UI’s COVID-19 testing lab not running yet

University of Idaho students line up for COVID-19 tests Wednesday outside the Student Recreation Center in Moscow. The university’s plans to open its own lab to process the tests has been delayed, but school officials say it should be ready soon.

MOSCOW — The University of Idaho’s in-house COVID-19 testing laboratory, touted by the university as a way to return test results in as few as 24 hours, has not yet been given final approval for operation.

In the meantime, the university reports it has swabbed around 2,700 students, faculty and staff in the past two weeks, but receiving test results will continue to take multiple days. As of Wednesday, about 870 test results had been returned.

Toni Broyles, a special assistant to UI President Scott Green who is helping to organize the testing effort, said test data is shared with local public health authorities and will be posted on the UI’s web page by Friday, including the number of positive tests.

Broyles said the UI lab is in the final stages of the approval process, but is not yet actively handling tests. She said the lab is in place and ready to be operational, and she is hopeful it will receive the green light to begin testing before most students are expected to return next week.

“We’re on to the final step — we’re waiting for the final approval paperwork and we are working through the final recommendations,” she said. “I’d say there’s four steps there and we’re on step three of four, so we’re cruising and when we have that sign-off, we will be ready to go.”

University leaders said in late July the school would require all students to be tested for COVID-19 to attend class or to live in on-campus residence halls. University administrators partnered with Moscow’s Gritman Medical Center to open in-house lab facilities staffed by UI personnel to prepare for large-scale testing, while minimizing the time it would take for results to be available.

More than 100 volunteers, including Green, were swabbed for COVID-19 on July 29. Broyles said Wednesday the testing done that day was a trial run to gauge the number of tests Gritman nurses could administer in a given time frame. She said they held onto those tests initially until it became clear the UI lab could not immediately begin processing, at which point they were sent along to be tested through Gritman’s normal process.

Hospital spokesman Peter Mundt said in late July those receiving tests at Gritman should expect results in three days on average, though some are available prior to three days, while others take longer.

Mundt said Gritman uses six laboratories to analyze COVID-19 samples and each has a different turnaround time for providing test results. The six labs include one at Gritman, another at Moscow Family Medicine, one at a state lab in Boise and three are private labs spread across the country.

“The time in which patients receive their test results varies depending upon the lab performing the test,” said Tara Macke, Public Health – Idaho North Central District public information officer. “Due to the increased cases and testing related to those cases, the commercial labs have become overwhelmed with the volume of tests that they need to process, resulting in a slower turnaround time.”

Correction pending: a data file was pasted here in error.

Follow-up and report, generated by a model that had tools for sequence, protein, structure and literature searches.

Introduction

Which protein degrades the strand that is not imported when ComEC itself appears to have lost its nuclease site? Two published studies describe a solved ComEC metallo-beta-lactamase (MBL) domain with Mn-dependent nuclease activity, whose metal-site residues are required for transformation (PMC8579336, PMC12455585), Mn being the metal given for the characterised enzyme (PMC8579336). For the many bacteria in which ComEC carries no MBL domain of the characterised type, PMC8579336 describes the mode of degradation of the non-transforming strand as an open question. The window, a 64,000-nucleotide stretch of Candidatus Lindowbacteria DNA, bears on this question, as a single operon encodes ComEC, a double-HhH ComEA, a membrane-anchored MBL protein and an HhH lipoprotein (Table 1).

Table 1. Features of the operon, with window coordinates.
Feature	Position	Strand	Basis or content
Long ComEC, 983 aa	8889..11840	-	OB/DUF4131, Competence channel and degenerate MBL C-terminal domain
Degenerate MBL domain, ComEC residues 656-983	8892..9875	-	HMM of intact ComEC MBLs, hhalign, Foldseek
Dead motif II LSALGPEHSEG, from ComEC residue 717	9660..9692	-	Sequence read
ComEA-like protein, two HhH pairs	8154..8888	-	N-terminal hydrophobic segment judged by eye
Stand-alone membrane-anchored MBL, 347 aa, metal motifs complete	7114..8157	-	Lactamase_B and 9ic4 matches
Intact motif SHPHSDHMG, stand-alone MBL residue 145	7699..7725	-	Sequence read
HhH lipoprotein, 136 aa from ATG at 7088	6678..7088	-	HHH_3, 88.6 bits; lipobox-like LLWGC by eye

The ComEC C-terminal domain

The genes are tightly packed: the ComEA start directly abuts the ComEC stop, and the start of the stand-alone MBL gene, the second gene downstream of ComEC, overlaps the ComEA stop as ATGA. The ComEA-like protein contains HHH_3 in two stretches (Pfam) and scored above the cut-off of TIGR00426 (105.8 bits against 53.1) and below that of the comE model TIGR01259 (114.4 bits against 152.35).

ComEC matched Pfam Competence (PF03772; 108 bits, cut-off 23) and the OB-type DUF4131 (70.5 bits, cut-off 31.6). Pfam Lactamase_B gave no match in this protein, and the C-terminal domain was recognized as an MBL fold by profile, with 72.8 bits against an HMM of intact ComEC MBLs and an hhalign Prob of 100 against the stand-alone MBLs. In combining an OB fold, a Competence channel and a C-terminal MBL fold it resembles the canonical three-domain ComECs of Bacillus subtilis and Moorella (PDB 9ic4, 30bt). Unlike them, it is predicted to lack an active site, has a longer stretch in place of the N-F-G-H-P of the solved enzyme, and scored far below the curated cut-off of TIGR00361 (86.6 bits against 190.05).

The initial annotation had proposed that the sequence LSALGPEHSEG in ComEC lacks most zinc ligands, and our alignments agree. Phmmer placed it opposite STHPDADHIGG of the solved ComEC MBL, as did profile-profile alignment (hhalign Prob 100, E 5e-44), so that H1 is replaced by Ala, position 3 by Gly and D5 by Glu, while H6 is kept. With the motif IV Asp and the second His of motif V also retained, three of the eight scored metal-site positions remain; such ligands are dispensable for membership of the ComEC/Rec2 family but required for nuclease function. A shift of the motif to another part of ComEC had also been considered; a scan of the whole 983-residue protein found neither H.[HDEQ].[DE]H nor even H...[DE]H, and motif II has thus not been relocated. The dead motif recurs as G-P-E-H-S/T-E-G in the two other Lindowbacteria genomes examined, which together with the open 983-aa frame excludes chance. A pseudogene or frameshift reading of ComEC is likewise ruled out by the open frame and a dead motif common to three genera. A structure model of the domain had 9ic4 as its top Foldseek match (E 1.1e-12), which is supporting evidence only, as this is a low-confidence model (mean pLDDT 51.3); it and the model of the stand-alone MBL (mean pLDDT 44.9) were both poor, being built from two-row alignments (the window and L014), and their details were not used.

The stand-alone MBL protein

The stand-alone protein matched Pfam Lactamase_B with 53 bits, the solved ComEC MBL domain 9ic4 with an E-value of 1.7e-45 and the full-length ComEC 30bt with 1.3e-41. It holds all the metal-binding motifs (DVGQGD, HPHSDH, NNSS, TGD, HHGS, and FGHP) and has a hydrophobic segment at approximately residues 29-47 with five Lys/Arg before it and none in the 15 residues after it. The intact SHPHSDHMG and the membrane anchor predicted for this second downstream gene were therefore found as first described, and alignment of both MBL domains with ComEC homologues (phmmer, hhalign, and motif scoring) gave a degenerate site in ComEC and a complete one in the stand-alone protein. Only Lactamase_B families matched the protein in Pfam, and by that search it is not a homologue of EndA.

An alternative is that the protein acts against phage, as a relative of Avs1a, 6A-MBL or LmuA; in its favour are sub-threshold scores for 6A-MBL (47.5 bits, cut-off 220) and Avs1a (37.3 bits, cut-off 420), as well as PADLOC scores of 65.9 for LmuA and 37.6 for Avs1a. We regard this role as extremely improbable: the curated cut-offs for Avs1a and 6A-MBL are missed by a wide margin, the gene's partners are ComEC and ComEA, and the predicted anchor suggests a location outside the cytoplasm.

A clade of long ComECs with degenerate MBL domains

She said it is normal for test results to take several days to be delivered and that Idaho is working to increase its testing capacity.

Broyles said when the UI’s lab facilities are ready to begin processing samples, she expects the process will take 48 hours at most.

“The swab goes down to the lab in a batch and then it’s queued up for analysis and then the email goes out the next day or the morning or whenever the next email batch goes out,” Broyles said. “So it’ll be super fast compared to sending it out to the private lab. But I don’t want people to think that if at 11:03 a.m., my nose swab is done, that you’ll for sure, have your email by 11:03 the next morning — you might get it by noon.”

She said they are now working to get students to sign up to be tested through the UI’s website. Around 5,600 students, staff and faculty have made appointments so far, but she said they expect to test at least 8,000 students alone.

Broyles said individual student behavior is difficult to predict, but the UI is strongly encouraging students follow health and public safety guidelines, both before and after receiving their results.

“That’s what we want them to do as soon as they get to Moscow and we want them to continue to do that until they get their test results,” she said. “But even after they get their test results and it’s negative, that’s not a hall pass ... . We want you to still wear your mask, wash your hands and do your social distancing.”

Jackson can be reached at (208) 883-4636, or by email to sjackson@dnews.com.

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